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Four Steps you can take to help change diabetes



Know your family history. 

People all over the world develop diabetes. The numbers vary from place to place and among ethnic groups. Some factors in your background will make you more likely to develop type 2 diabetes:

Family history : Type 2 diabetes tends to run in families. The more people in your family who have diabetes, the more likely you are to develop it.

Age : Type 2 diabetes usually comes on later in life – often after age 45. The symptoms start gradually, so it can go unnoticed for a long time.

Weight : At least three out of four people with type 2 diabetes are overweight, and most have been overweight for many years. Enlarged fat cells do not respond well to insulin and that means the body works harder to produce more insulin.


Eat properly

A healthy diet for people with diabetes follows the same general health recommendations for all people. Recommendations for healthy eating:

• Eat meals at regular times
• If weight loss is your goal, a loss of 1/2 to 1 kg (1 to 2 lbs) per week is safe and healthy.
• A healthy diet should include daily servings from each of the four food groups: Grains, Fruit and Vegetables, Dairy and Meat.


Exercise regularly

Physical activity is key to leading a healthy lifestyle and reducing the chance of chronic illnesses. People of
all ages who are inactive can improve their health simply with regular, moderate-intensity exercise. Physical activity does not need to be hard to be beneficial. Do check with your health care professional about how much exercise and which activities are best for you before starting a new exercise programme.

If you already exercise regularly, you will probably have found that it makes you feel better. The main thing is to start doing something active on a regular basis. It is also one of the best ways of keeping your blood glucose levels more stable.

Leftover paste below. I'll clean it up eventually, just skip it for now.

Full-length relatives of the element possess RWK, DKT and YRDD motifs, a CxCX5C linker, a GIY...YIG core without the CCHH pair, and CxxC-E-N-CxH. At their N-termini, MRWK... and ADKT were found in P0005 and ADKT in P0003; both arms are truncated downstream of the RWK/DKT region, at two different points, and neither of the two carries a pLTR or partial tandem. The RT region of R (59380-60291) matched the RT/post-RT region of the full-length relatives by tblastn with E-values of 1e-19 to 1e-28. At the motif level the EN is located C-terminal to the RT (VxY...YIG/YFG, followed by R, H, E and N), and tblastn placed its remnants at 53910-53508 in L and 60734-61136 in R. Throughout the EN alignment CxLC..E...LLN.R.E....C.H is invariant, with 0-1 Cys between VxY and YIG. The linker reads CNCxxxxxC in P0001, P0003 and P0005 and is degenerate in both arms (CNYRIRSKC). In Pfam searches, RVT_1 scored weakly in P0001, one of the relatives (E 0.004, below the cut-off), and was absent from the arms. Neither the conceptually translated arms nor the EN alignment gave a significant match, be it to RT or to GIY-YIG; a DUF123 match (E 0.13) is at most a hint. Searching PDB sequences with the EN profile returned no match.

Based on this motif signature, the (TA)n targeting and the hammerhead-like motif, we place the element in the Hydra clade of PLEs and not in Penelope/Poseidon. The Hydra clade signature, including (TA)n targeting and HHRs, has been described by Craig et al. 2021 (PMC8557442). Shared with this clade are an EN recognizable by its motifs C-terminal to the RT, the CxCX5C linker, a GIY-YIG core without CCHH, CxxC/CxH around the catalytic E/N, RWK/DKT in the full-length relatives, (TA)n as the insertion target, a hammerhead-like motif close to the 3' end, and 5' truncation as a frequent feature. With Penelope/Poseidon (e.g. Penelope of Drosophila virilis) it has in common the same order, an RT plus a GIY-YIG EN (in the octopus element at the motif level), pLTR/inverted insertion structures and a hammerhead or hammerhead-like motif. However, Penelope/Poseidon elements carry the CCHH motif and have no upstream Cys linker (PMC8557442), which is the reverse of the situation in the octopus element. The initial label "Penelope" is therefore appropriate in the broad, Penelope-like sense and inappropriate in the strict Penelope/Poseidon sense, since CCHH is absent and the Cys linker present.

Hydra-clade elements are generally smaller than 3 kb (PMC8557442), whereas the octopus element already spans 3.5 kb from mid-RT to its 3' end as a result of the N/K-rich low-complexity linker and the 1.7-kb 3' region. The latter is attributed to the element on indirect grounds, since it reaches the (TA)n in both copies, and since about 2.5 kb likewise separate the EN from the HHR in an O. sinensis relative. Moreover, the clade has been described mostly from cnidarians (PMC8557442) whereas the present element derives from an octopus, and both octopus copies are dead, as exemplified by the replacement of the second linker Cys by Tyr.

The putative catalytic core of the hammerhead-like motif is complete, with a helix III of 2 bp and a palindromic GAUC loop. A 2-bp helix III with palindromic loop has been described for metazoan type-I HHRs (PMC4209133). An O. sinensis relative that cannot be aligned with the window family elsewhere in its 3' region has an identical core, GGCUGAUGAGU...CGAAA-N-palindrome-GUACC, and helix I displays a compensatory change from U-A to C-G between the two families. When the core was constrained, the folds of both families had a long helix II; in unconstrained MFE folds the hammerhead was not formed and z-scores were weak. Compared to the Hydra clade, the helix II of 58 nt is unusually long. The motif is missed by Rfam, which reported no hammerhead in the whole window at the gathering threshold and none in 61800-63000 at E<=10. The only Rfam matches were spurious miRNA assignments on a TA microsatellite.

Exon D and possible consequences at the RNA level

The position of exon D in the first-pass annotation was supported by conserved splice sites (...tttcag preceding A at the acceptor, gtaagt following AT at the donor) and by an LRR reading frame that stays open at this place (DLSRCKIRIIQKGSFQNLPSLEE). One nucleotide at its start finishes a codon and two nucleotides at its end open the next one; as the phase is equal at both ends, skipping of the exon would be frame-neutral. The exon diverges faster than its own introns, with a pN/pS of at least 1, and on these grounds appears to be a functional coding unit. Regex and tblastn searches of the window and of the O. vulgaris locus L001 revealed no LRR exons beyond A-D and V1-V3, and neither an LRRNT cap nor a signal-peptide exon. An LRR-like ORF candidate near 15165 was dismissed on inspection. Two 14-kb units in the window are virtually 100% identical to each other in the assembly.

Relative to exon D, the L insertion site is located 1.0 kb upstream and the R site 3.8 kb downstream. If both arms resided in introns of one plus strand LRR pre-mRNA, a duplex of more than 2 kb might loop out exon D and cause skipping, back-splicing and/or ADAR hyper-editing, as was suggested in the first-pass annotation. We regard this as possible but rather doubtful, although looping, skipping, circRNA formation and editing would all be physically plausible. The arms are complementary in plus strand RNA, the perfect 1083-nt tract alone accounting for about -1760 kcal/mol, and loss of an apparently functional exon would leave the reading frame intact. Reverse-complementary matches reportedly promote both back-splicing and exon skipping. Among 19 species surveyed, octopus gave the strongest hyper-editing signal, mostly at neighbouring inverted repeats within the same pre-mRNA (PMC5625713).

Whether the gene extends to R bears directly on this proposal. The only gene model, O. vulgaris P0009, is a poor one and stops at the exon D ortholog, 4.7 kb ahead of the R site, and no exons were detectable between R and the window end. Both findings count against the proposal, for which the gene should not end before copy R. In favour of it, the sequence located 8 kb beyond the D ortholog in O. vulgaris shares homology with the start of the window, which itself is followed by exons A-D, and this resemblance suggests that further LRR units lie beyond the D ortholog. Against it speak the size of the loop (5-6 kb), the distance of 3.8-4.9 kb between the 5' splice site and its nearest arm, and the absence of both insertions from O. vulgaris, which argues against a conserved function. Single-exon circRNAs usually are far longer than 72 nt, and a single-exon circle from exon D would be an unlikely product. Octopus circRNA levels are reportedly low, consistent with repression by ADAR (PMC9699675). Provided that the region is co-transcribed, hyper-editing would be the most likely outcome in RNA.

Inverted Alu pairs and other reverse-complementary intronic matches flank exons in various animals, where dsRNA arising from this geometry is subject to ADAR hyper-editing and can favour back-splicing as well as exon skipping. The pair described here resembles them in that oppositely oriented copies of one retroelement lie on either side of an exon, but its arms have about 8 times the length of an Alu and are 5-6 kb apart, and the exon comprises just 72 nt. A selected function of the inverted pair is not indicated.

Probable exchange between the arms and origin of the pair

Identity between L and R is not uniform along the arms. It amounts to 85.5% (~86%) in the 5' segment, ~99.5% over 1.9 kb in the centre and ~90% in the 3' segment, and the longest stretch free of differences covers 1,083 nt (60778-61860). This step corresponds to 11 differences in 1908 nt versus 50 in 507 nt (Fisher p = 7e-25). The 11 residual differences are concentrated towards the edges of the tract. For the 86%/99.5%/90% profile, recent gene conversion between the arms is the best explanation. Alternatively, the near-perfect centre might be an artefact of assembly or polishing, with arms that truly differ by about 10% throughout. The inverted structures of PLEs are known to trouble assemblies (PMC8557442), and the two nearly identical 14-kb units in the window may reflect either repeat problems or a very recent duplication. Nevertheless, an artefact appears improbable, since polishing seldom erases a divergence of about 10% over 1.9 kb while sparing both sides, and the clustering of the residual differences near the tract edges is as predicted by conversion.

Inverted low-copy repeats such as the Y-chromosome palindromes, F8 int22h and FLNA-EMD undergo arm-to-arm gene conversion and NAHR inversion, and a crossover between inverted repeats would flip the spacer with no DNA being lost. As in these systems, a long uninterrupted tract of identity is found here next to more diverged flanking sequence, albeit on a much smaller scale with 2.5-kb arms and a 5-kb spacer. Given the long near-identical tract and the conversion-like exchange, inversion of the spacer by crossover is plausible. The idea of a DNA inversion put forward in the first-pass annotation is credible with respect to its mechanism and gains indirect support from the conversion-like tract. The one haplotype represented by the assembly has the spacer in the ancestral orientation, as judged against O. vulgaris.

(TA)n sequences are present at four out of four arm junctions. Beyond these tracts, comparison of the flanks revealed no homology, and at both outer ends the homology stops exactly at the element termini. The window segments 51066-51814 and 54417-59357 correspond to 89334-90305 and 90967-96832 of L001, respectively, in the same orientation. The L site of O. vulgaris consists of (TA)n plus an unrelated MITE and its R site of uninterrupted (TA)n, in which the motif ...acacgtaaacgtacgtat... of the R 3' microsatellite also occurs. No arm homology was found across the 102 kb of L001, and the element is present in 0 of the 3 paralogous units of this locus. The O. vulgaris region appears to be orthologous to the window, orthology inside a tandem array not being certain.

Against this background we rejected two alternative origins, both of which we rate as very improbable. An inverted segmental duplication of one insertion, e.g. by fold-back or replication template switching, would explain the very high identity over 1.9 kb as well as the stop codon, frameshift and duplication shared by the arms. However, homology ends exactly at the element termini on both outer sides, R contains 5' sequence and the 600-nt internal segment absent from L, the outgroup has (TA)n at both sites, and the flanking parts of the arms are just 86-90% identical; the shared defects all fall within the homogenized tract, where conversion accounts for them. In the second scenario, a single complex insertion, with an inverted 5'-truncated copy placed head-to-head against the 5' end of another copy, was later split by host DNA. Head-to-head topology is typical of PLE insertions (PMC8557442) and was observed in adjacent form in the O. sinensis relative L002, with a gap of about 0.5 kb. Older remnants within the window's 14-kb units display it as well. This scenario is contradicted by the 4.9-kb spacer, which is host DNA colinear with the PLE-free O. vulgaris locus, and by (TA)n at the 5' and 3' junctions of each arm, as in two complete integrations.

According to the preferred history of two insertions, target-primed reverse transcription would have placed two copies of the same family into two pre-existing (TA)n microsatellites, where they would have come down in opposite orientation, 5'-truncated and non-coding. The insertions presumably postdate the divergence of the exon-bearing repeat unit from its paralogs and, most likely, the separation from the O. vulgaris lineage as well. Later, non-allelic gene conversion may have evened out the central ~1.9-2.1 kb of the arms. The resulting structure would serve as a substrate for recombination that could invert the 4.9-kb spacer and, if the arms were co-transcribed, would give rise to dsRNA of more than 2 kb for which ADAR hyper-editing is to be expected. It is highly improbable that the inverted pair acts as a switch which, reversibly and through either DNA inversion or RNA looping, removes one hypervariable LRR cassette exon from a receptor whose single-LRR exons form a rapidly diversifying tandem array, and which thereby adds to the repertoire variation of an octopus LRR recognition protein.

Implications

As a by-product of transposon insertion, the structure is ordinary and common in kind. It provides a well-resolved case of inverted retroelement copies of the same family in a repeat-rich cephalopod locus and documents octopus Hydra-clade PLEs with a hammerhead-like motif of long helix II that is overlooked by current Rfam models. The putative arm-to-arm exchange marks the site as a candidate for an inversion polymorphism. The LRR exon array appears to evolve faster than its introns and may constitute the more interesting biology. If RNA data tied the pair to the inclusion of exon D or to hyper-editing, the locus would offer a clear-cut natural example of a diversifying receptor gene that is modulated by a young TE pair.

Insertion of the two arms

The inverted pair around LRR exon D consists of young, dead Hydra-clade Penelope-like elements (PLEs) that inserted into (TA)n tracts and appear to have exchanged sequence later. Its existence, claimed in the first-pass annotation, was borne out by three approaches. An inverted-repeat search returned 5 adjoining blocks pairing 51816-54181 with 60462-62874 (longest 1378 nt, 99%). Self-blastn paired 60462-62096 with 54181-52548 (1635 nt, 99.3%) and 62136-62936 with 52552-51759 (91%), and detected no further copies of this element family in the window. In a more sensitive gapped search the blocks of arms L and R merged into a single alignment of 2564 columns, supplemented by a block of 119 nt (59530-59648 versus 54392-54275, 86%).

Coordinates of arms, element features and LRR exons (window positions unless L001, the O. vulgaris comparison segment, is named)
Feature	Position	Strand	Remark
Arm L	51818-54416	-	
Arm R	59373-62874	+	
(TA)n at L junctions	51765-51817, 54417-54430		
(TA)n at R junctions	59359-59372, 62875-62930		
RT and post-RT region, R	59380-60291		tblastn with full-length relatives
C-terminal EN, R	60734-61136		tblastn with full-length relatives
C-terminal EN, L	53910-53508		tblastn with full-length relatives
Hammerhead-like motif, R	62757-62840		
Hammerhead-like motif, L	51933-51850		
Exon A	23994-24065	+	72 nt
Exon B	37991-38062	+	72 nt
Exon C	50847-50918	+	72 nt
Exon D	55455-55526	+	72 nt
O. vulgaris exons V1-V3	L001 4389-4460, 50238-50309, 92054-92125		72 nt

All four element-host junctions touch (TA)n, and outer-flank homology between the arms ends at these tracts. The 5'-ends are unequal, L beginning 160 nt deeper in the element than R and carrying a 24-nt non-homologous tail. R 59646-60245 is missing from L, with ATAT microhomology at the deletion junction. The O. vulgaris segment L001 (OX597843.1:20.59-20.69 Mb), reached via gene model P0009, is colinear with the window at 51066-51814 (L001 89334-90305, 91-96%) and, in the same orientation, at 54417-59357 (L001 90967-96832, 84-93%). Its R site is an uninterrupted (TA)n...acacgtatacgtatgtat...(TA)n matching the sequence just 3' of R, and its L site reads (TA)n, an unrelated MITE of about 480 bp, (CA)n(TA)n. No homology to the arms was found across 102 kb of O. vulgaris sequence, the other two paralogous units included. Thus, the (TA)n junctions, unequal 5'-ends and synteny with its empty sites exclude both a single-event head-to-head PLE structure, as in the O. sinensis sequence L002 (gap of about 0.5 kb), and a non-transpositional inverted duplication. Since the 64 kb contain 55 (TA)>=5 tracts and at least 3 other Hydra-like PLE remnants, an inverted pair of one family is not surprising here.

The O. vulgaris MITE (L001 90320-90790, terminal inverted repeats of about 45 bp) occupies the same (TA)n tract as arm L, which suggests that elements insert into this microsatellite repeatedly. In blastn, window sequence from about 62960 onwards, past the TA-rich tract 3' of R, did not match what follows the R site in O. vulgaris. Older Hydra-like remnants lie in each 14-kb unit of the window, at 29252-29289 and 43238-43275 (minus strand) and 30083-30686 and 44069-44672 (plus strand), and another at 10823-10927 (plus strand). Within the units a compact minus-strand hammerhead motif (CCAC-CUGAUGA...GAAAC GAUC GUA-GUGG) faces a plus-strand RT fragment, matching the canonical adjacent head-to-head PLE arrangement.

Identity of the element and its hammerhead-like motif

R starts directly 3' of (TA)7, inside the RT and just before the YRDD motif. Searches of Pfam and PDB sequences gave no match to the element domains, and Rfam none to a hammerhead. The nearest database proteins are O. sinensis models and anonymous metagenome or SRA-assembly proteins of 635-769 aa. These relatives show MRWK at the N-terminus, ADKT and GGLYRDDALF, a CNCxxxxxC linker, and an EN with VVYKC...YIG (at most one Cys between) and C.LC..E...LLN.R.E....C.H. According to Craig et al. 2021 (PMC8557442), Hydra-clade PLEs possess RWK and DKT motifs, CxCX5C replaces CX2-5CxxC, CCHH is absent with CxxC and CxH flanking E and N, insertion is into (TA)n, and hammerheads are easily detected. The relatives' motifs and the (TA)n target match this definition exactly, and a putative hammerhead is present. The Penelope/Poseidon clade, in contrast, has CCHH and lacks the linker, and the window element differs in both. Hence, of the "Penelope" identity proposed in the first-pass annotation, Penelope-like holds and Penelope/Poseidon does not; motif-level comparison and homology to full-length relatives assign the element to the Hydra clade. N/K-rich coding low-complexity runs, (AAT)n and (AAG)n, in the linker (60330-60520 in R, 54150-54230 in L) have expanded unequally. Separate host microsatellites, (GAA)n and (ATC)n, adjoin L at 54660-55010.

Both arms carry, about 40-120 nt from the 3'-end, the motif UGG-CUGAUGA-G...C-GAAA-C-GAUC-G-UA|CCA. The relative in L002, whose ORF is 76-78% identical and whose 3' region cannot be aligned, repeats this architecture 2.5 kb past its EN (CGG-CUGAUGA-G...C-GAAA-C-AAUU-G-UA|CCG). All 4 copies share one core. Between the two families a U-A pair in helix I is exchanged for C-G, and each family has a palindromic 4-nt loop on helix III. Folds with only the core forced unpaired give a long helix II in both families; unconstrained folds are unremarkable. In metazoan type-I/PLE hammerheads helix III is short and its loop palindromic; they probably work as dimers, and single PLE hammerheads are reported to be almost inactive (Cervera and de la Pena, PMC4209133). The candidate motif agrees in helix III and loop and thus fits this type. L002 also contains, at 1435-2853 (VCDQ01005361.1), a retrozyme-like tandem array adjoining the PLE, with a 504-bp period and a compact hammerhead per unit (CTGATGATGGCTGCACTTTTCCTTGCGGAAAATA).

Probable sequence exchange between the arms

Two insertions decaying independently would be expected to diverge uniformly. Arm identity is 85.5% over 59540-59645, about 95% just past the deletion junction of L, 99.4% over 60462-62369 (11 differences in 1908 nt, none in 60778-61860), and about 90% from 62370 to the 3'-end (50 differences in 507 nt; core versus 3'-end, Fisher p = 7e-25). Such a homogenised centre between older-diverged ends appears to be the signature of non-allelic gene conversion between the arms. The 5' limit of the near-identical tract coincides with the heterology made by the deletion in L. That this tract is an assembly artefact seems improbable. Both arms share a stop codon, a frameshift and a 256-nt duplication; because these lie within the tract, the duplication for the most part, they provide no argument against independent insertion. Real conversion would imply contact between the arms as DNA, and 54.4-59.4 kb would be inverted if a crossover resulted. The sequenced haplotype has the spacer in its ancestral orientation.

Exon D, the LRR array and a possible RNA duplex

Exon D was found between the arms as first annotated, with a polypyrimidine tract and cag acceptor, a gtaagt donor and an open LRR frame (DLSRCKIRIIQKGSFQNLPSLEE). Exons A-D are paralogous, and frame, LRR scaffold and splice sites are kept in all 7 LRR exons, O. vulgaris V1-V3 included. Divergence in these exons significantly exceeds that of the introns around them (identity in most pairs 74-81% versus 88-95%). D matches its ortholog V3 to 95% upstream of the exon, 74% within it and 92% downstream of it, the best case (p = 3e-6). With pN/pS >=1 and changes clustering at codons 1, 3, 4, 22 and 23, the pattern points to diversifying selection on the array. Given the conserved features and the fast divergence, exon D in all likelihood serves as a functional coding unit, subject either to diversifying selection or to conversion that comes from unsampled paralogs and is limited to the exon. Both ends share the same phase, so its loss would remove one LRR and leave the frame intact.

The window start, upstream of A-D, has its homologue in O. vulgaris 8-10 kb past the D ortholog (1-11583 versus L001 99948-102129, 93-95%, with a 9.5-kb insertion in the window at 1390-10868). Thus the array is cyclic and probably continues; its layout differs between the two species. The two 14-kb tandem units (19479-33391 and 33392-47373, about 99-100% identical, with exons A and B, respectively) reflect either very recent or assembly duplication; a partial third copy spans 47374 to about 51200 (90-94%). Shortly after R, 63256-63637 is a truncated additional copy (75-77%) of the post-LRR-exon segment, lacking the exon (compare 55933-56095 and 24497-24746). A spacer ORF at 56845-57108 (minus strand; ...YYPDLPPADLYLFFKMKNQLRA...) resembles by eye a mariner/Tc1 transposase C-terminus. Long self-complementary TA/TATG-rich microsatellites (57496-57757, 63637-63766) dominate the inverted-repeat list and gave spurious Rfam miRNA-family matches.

See your GP or health care professional

Talk to your health care professional about what measures you can take to prevent diabetes.

Type 1 diabetes

Type 1 diabetes develops when an “autoimmune reaction” destroys beta cells in the pancreas. Autoimmune reaction means that the body creates antibodies against its own cells. As a result, the pancreas stops producing insulin or cannot produce enough insulin on its own. Treatment involves daily insulin injections, in conjunction with healthy eating and regular exercise.

Type 2 diabetes

Type 2 diabetes is a term for several disorders with different causes and degrees of severity. It is the most common type of diabetes. Often, people with type 2 diabetes can still make their own insulin in the pancreas, but the body does not use the insulin that is produced as effectively. Many people manage type 2 diabetes simply by following a healthy diet and regular exercise. In overweight individuals, type 2 diabetes often improves as a result of weight loss, a healthy diet and exercise. With the progression of the disease, some people may have to take oral medication(s) or insulin injections.

Important: Check with your health care professional on a regular basis to assess the risk factors that can predispose you to diabetes.

Information from 'four steps towards changing diabetes' leaflet. Job Number UK/DB/1011/0470a. October 2011.

In conjunction with and courtesty of Novo Nordisk UK Limited.

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